Improve the Employee Development Experience-Select your Performance Management Tool of Choice
Lisa Sterling, VP, Dayforce Talent Management, Ceridian
Lisa Sterling, VP, Dayforce Talent Management, Ceridian
A key strategic priority for HR leaders is to have a strong approach to performance management. We’re working to engage and develop people effectively, and that means enabling them to be effective and high-achieving individuals.
Traditionally, one tool we’ve used in this regard is the performance review. You’ve been through this routine before-once every year, you sit down with each employee, discuss their performance and check off a few boxes on a form that answer some basic questions. Are they getting their work done? Are they in line for a pay raise? Are they looking to climb the corporate ladder?
This type of review process is effective when managing compliance and “sameness” is the goal. But what companies need is a more dynamic, future-looking and employee development driven approach to performance management. We need to do more than just check off a few boxes once a year. The goal should be continuous development of our people-and the right performance management technology can help with that mission.
As technology decision-makers in the HR industry, we’re all looking for investments that will lead to better employee engagement and contribute to higher retention. There’s a good chance that better performance management software will contribute to these positive outcomes.
Performance Development is the Next Step
If your company’s performance process is a backward looking, event based process, you’re truly missing opportunities to positively impact your people. The next step in performance management is finding opportunities for employee coaching and development. Don’t ask the standard questions and complete the generic ratings. Engage in real conversation. Understand what they are good at and enjoy doing. Find out what is working for them and what you can do to help them achieve more. Turn this into a conversation that’s ongoing, year-round, and keep building upon it.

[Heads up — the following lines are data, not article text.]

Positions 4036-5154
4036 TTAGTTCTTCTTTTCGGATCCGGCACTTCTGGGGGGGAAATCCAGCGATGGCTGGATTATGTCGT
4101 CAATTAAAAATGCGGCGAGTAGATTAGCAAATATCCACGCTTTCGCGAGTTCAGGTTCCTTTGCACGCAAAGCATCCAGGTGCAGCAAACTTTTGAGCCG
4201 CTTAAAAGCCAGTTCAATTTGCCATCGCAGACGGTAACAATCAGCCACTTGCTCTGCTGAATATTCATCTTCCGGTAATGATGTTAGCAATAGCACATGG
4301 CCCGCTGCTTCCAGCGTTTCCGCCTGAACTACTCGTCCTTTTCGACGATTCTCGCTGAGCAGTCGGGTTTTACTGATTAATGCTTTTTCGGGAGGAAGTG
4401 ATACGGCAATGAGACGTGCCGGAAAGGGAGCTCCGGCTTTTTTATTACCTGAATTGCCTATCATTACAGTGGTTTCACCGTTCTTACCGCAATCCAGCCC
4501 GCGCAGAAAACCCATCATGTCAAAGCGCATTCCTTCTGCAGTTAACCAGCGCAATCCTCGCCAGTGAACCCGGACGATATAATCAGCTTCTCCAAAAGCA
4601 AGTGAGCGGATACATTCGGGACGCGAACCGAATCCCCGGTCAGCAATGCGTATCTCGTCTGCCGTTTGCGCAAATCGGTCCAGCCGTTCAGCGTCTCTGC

The performance review is often viewed as something HR requires to have consistent and current documentation about individual performance. It is that, but it can also be so much more. Employee development, growth and retention should be the desired outcomes.
Setting Meaningful and Attainable Goals should be a Priority
With each individual employee you’re looking to develop, it’s good to establish clear goals for what they need to accomplish and how they will accomplish them. How do they drive the business forward? How do their contributions and influence impact their team, department or division? Are there personal developmental items that will help advance them and their performance? Performance management software can help you find these benchmarks. Take a moment to sit down and evaluate where your employees stand and how they can do more to fit into your organization’s goals. Use your technology to empower people-let them take control of their own career development.
Ofcourse, just setting goals is the easy part. The next step is to follow up with people and make sure they’re doing what it takes to achieve them. Having ongoing conversations is necessary to ensure progress is made.
Real Development Requires Continuous Feedback